What would you do?

Discussion in 'Lawn Mowing' started by AVRECON, Apr 3, 2001.

  1. AVRECON

    AVRECON LawnSite Senior Member
    Posts: 290

    I had a customer of around 6-7 years now, to call yesterday. He wanted to know if I could come by this week and mow his yard and cut the monkey grass down and edge. I said you mean the weeds? He said yeah you planted it last year. I said well I told you I needed to spray for those over a month ago. So then he asked, What did I have out there last year and I proceeded to tell him nothing. I sowed Bermuda and fescue in his yard last spring after he canceled Chem Lawn and his yard died. But anyway getting to my point. I talked to him over a month ago about trimming all of the bushes and spraying for weeds and bascically getting the yard in shape, all for about $200.00 bucks. It would have been a 4-6 hr job. Well he gave me the goahead then called back a couple of days later and cancelled, because he said $ was tight at the moment. Yesterday he's talking about having sod installed or getting some one that specializes in treating lawns. Now I ask you folks, Didn't I tell him it needed to be sprayed over a month ago? He's one of these people that want to hold on to the cash because he thinks I may be trying to charge him to much. But then he wants to act like I did a poor job for him on the grass after I told him the deal on it.He didn't have $200.00 bucks a month ago but now he has $1,500.00- $2,000.00 to have sod installed. It just irks the you know what outta me!
     
  2. joshua

    joshua LawnSite Bronze Member
    Posts: 1,226

    i see this as who cares that he didn't have that $200 a month ago, now he wants you to do a bigger job for 10 times the amount of spraying, you should be happy. i hope you learn to roll wqith the punches, because there are alot in this kind of work. good luck to you.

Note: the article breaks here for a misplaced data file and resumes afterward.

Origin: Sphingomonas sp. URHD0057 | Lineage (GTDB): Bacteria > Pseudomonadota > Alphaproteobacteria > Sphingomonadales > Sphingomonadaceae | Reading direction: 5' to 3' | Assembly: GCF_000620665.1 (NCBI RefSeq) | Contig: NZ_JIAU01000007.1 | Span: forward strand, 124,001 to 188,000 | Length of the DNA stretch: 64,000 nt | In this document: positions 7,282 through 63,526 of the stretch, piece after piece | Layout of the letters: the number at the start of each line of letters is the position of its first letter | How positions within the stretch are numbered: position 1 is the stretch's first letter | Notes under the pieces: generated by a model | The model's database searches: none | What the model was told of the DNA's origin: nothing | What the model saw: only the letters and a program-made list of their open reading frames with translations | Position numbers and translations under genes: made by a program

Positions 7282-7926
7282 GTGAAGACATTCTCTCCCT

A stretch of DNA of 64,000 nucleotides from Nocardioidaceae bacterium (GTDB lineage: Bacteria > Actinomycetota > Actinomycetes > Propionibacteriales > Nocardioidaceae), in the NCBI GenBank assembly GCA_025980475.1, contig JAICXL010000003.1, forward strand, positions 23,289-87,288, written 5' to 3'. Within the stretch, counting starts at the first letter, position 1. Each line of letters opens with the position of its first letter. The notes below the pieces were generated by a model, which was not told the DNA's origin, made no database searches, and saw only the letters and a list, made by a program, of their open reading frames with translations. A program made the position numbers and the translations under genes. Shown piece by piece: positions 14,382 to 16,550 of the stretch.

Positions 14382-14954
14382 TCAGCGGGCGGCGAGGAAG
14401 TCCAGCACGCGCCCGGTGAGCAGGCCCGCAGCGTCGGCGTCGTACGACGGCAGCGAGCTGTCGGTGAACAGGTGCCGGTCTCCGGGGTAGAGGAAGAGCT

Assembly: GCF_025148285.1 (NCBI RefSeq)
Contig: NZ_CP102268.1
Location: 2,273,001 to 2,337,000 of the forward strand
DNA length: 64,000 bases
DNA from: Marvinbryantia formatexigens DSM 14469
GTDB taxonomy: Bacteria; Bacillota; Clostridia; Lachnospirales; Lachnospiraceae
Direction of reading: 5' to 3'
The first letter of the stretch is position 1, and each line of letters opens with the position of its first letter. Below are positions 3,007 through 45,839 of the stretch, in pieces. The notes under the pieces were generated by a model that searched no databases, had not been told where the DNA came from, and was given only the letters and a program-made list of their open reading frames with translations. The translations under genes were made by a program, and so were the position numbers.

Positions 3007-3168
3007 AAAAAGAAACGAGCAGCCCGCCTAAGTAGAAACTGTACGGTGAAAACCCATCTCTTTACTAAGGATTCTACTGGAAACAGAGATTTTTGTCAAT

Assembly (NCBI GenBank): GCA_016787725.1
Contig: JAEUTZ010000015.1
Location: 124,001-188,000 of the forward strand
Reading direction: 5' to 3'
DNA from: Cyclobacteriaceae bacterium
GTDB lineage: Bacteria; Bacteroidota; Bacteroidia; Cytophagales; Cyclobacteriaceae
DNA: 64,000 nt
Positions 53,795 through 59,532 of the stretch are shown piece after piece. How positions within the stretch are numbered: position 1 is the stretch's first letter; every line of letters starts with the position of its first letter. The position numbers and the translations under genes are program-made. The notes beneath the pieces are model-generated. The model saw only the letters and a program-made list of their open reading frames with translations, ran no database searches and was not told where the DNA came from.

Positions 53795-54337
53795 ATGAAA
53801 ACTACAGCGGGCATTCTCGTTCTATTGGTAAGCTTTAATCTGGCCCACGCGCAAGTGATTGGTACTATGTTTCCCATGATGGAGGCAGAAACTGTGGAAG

3. AVRECON

    AVRECON LawnSite Senior Member
    Posts: 290

    No, what he's trying to do is say with out saying that I did a poor job for him and wants to get someone else to sod or reseed his lawn because he knows that He should have let me take care of it long ago. Now the weeds have almost taken over the yard, and of course its my fault. So since I don't know what I am doing he needs to get some one who does. Now do you see the point I'm trying to make, this is where being a friend of the client isn't a good idea. If it was a business relationship only I think I would be better off with him and other customers. It makes me feel taken forgranted so to speak.
     
  4. Charles

    Charles Moderator Staff Member
    Posts: 7,950

    Avercon, that public can be idiots as you have found out. And their idiocy can make us look incompetent in their eyes and in anyone they tell their version too. Honest professional base their work on facts and needs of the lawn. Homeowners alot of times base lawnmaintenence on finances and moods. "Hey I am in the mood to have this or that done" or" Now I have the money or am willing to spend the money to get this or that done" It can be irritating to no end. Call a customer and tell them in the spring when the ground is soft that they need to areate and they say not now. But then 2 weeks later they will call you and say "hey we need to areate" like it was their idea...
     
  5. smburgess

    smburgess LawnSite Senior Member
    Posts: 469

    AVRECON...

    If this is a client you want to continue to deal with it might be a good idea to explain the requirements of a lawn care program. That services need to be scheduled thoughout the year to get a lawn into shape and maintain a level of acceptable appearance and health. Perhaps writing down the needed services and time table for those services in order to acheive the desired results, and explain that results would be much better if you are pro-active than re-active.